State visit marks 50 years of Swiss-NZ ties

New Zealand Minister of Foreign Affairs Murray McCully (l) shakes hands with Swiss Foreign Minister Didier Burkhalter Keystone

Didier Burkhalter will become the first Swiss foreign minister to visit Australia and New Zealand during a mission to strengthen relations that marks the 50th anniversary of formal diplomatic ties between Switzerland and New Zealand.

This content was published on October 25, 2013 - 15:08
swissinfo.ch and agencies

Burkhalter arrived in Auckland on Friday to be greeted by New Zealand’s Foreign Minister Murray McCully before going on to meet Prime Minister John Key to discuss measures to enhance bilateral cooperation.

On the agenda are talks about further cooperation between the two countries on human rights, environmental and climate change issues at the United Nations. 

“The collaboration between our two countries is already close and should become even more so despite our geographical distance,” Burkhalter said when he arrived in New Zealand.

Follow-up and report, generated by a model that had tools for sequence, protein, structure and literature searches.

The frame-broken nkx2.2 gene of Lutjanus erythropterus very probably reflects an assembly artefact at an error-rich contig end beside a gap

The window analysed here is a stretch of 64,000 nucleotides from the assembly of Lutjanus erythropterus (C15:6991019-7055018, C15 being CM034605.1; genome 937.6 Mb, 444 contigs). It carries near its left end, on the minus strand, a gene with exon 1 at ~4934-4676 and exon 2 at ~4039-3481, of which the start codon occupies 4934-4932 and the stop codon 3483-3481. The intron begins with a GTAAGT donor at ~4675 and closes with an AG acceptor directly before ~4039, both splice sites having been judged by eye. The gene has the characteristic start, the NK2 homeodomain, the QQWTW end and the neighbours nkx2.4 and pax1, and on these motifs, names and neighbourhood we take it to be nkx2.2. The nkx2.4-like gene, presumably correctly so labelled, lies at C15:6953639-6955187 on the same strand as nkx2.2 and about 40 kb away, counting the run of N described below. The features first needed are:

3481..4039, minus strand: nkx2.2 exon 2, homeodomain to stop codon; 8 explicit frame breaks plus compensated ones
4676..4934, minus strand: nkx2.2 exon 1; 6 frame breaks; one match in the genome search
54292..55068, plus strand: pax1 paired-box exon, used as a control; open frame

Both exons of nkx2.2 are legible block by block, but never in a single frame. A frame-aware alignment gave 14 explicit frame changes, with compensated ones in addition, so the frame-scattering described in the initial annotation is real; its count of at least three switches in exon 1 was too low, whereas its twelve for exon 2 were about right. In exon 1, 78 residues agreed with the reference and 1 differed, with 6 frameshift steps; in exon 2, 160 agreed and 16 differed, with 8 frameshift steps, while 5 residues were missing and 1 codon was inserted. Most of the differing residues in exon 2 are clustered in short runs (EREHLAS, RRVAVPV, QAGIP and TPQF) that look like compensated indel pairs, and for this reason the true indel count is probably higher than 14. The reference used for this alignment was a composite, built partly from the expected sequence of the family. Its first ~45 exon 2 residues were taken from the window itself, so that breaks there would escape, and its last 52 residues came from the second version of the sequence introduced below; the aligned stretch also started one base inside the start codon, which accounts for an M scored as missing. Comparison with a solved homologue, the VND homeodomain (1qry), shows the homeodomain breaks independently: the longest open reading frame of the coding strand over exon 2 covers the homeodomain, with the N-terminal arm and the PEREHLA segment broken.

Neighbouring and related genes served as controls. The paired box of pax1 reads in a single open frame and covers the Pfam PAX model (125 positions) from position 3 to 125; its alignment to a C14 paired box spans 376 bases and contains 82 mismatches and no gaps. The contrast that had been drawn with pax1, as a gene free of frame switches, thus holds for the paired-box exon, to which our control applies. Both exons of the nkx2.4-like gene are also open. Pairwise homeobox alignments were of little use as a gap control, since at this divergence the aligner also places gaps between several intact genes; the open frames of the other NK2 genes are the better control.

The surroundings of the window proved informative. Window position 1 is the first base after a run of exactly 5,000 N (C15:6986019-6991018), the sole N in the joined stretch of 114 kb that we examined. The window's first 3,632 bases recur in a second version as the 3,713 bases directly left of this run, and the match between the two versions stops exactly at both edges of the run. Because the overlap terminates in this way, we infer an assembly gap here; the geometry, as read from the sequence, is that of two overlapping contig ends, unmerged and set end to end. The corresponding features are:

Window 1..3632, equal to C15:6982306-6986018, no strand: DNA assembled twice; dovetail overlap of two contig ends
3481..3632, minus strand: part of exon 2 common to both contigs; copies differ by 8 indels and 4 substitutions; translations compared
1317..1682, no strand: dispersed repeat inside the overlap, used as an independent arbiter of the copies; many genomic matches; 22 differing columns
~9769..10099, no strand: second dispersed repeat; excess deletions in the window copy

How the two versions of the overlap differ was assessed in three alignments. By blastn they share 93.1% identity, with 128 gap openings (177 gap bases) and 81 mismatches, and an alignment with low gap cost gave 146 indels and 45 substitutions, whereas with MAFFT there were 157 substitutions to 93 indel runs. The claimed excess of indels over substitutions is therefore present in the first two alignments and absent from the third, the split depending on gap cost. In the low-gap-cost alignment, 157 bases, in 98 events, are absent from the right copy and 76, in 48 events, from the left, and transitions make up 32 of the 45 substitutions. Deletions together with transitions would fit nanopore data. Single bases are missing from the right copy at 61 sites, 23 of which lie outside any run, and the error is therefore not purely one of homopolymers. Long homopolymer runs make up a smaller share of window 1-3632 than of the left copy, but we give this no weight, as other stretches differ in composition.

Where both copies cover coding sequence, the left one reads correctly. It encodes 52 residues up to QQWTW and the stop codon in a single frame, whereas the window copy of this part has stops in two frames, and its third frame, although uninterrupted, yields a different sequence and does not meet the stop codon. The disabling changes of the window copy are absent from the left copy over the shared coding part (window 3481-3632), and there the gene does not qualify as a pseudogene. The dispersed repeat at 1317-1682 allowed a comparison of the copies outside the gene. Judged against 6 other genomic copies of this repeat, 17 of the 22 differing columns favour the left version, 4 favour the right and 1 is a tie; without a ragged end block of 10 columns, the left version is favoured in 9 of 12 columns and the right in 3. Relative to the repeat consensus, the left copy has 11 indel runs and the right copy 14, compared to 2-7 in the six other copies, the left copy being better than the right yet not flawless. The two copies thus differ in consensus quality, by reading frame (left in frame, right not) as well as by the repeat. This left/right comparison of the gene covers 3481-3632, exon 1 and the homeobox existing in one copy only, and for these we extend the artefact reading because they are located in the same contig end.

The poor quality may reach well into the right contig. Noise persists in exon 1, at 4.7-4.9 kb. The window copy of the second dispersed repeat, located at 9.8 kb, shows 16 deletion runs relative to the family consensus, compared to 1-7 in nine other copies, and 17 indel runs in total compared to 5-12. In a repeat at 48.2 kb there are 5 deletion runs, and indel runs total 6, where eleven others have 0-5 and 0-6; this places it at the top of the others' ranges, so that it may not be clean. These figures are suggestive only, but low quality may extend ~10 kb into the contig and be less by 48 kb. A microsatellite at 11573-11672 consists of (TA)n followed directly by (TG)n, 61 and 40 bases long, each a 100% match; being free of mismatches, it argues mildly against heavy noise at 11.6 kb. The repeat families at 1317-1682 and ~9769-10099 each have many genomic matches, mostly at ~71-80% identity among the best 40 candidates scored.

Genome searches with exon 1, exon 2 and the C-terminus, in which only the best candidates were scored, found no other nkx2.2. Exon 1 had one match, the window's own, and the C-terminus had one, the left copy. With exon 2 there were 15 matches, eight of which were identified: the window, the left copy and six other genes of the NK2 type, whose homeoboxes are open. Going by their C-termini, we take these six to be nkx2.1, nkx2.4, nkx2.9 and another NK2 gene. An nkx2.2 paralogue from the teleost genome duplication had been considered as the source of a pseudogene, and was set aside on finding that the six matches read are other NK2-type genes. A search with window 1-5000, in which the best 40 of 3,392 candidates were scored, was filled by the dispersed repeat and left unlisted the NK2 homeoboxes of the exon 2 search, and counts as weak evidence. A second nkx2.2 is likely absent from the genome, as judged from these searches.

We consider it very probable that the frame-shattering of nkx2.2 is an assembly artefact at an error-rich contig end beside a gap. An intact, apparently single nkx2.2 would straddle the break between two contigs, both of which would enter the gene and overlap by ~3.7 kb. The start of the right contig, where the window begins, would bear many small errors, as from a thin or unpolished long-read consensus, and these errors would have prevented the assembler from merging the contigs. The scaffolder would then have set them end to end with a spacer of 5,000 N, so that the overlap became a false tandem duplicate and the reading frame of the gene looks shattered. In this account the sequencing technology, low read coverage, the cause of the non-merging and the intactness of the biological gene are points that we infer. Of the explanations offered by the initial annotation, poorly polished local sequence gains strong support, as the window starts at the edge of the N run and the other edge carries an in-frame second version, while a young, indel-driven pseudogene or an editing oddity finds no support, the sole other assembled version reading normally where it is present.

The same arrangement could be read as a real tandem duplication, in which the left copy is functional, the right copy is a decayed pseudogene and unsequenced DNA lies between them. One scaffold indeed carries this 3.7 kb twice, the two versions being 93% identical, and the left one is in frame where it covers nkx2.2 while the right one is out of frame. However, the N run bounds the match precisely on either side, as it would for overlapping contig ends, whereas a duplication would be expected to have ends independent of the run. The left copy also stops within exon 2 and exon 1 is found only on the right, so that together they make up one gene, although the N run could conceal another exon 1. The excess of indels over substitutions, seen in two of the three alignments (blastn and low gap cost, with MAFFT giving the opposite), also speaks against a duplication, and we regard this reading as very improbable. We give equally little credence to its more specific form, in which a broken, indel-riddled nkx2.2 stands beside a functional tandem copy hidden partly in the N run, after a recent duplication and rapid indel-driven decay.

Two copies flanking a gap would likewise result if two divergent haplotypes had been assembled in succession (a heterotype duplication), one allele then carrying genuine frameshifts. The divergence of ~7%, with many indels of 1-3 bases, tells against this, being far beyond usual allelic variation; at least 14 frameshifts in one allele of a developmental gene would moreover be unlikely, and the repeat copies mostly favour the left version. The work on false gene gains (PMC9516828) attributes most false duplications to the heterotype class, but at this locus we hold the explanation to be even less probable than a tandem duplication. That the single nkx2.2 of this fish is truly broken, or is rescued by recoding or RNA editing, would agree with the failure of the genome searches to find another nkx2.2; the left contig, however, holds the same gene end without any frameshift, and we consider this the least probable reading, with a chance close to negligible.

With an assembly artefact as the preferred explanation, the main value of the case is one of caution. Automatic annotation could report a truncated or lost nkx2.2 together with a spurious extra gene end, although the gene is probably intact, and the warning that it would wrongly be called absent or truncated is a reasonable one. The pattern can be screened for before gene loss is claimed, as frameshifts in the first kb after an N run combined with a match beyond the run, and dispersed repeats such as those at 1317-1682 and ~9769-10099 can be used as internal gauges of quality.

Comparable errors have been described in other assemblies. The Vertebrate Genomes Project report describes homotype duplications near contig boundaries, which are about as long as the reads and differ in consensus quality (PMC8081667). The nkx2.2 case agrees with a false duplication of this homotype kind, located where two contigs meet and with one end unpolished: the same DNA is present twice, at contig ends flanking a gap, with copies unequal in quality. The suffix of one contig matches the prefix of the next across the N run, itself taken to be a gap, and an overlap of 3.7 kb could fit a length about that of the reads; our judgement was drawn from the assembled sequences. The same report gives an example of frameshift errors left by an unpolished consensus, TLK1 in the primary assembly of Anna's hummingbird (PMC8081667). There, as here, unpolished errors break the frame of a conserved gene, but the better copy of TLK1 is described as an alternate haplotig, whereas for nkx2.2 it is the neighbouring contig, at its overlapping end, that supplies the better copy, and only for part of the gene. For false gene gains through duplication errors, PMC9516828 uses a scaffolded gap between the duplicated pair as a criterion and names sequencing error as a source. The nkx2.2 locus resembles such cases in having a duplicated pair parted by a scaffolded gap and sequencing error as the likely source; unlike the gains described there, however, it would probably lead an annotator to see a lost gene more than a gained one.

Some 7,000 Swiss nationals live in New Zealand and a further 30,000 in Australia, the third country Burkhalter will visit on his trip along with the Pacific island of Vanuatu.

G20 nudge

Burkhalter is later expected to press Australian Foreign Minister Julie Bishop for an invitation to the G20 finance ministers meeting under Australia’s presidency next year. Russia opened the doors for the first time to a Swiss delegation to the corresponding meeting this year.

Switzerland is keen to retain its place at the table to discuss such issues as a global framework for the automatic reporting of tax information.

Burkhalter will become the first Swiss cabinet minister to visit Vanuatu on October 26-27 to reiterate Switzerland’s support for Pacific islands on the issue of climate change.

Switzerland has supported the Pacific Climate Change Roundtable for the last five years, and this year participated for the first time in the Pacific Islands Forum. In 2014, Switzerland is scheduled to play a role in the third International Conference on Small Island Developing States, which takes place once every 10 years.

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